7. Robert W. Fairlie & Bruce D. Meyer, . "Does Immigration Hurt African-American Self-Employment?," IPR working papers 97-1, Institute for Policy Resarch at Northwestern University.
  8. David Card, 1997. "Immigrant Inflows, Native Outflows, and the Local Labor Market Impacts of Higher Immigration," NBER Working Papers 5927, National Bureau of Economic Research, Inc.
  9. George J. Borjas & Richard B. Friedman & Lawrence F. Katz, 1997. "How Much Do Immigration and Trade Affect Labor Market Outcomes?," Brookings Papers on Economic Activity, Economic Studies Program, The Brookings Institution, vol. 28(1), pages 1-90.
  10. Borjas, George J. & Sueyoshi, Glenn T., 1994. "A two-stage estimator for probit models with structural group effects," Journal of Econometrics, Elsevier, vol. 64(1-2), pages 165-182.
  11. Bartel, Ann P, 1989. "Where Do the New U.S. Immigrants Live?," Journal of Labor Economics, University of Chicago Press, vol. 7(4), pages 371-91, October.
  12. Borjas, George J & Freeman, Richard B & Katz, Lawrence, 1996. "Searching for the Effect of Immigration on the Labor Market," American Economic Review, American Economic Association, vol. 86(2), pages 246-51, May.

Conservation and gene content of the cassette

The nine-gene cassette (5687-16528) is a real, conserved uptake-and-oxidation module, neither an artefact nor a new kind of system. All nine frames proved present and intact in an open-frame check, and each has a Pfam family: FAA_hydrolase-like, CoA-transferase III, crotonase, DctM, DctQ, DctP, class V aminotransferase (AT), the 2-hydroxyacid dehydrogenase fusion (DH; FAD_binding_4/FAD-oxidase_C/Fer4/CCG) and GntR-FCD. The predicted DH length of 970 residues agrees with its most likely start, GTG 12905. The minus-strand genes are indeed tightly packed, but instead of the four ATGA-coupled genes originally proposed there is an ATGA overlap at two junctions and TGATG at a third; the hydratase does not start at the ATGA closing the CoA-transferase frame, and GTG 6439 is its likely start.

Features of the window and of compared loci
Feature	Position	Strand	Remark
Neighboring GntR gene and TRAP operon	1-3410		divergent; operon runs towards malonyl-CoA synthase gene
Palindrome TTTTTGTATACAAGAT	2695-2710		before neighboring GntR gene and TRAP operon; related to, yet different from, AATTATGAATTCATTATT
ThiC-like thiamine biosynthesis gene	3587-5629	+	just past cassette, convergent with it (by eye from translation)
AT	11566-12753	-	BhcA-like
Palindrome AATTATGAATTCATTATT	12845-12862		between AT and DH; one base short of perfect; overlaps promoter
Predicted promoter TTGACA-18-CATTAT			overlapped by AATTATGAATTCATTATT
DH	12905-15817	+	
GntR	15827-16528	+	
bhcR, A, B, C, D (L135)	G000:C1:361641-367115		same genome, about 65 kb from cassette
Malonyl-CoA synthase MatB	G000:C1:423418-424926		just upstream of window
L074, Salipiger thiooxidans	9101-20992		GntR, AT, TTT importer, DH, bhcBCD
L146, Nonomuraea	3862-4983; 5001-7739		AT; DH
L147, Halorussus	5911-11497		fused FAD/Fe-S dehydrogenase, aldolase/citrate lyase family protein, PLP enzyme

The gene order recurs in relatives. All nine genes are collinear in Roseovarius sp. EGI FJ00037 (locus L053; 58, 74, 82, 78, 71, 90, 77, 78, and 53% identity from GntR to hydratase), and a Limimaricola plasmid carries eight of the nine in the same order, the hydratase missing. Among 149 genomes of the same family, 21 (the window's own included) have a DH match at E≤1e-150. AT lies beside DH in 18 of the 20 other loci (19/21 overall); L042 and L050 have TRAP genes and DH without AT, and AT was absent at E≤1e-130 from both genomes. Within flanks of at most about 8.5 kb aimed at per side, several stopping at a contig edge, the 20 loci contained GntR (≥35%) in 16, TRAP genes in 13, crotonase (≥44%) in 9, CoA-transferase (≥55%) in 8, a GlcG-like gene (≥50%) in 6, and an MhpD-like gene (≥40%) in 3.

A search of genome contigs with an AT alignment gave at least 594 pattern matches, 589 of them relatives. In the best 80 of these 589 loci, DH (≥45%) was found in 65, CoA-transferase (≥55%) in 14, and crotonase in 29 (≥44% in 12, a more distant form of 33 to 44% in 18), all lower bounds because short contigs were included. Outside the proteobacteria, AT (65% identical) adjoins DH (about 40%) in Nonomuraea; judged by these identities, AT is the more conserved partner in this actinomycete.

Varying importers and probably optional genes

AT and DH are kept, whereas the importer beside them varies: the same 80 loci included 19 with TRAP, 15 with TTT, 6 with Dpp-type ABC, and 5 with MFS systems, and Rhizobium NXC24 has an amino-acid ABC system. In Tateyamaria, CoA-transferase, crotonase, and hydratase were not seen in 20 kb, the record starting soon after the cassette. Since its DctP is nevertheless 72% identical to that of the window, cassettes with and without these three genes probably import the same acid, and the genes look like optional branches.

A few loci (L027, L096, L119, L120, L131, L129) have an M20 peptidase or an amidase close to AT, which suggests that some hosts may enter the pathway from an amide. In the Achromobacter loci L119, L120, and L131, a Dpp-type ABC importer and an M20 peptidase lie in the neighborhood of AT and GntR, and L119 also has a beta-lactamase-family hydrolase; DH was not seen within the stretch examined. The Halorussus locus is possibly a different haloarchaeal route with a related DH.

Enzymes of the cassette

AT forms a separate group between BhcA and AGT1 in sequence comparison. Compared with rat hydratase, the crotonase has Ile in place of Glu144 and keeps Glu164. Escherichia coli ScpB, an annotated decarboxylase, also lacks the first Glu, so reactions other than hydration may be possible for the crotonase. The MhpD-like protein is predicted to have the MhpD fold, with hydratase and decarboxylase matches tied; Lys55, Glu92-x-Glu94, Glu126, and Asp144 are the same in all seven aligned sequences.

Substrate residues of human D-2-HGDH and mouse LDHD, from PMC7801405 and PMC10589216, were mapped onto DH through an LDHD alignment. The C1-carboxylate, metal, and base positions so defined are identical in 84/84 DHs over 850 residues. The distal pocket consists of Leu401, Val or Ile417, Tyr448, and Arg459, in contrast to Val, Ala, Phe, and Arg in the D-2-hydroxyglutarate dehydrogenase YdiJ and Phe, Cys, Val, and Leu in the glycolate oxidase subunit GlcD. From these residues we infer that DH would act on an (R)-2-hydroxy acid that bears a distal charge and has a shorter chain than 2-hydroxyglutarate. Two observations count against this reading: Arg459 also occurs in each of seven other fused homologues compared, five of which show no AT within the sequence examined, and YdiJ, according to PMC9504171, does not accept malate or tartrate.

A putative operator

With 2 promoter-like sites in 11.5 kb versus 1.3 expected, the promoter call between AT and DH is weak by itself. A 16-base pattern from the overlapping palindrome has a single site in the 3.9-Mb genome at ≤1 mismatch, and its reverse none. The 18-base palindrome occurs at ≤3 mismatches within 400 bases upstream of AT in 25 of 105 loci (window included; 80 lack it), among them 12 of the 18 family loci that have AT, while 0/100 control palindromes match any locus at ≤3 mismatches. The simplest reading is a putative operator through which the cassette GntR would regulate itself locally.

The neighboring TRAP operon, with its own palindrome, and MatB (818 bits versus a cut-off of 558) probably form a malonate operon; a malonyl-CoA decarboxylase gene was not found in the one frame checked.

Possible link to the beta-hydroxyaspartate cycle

13. Andrew M. Yuengert, 1995. "Testing Hypotheses of Immigrant Self-Employment," Journal of Human Resources, University of Wisconsin Press, vol. 30(1), pages 194-204.
  14. Joseph Altonji & David Card, 1989. "The Effects of Immigration on the Labor Market Outcome of Less-Skilled Natives," Working Papers 636, Princeton University, Department of Economics, Industrial Relations Section..
  15. George J. Borjas, 1986. "The Self-Employment Experience of Immigrants," Journal of Human Resources, University of Wisconsin Press, vol. 21(4), pages 485-506.
  16. George J. Borjas, 1994. "The Economics of Immigration," Journal of Economic Literature, American Economic Association, vol. 32(4), pages 1667-1717, December.
  17. Joseph G. Altonji & David Card, 1989. "The Effects of Immigration on the Labor Market Outcomes of Natives," NBER Working Papers 3123, National Bureau of Economic Research, Inc.
  18. Bruce D. Meyer, 1990. "Why Are There So Few Black Entrepreneurs?," NBER Working Papers 3537, National Bureau of Economic Research, Inc.
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Cited by:
  1. Lonnie Stevans, 2009. "The Relationship Among African American Male Earnings, Employment, Incarceration and Immigration in the United States: A Time Series Approach," The Review of Black Political Economy, Springer, vol. 36(3), pages 151-160, December.
  2. Robert W. Fairlie & Bruce D. Meyer, . "Does Immigration Hurt African-American Self-Employment?," IPR working papers 97-1, Institute for Policy Resarch at Northwestern University.
  3. Boyd, Robert L., 2003. "Were black entrepreneurs displaced from the retail trade by white immigrant merchants? A study of northern cities in the early twentieth century," Journal of Behavioral and Experimental Economics (formerly The Journal of Socio-Economics), Elsevier, vol. 32(4), pages 447-455, September.
  4. Stevans, Lonnie, 2007. "The Relationship Among African American Male Earnings, Employment, Incarceration and Immigration: A Time Series Approach," MPRA Paper 5594, University Library of Munich, Germany.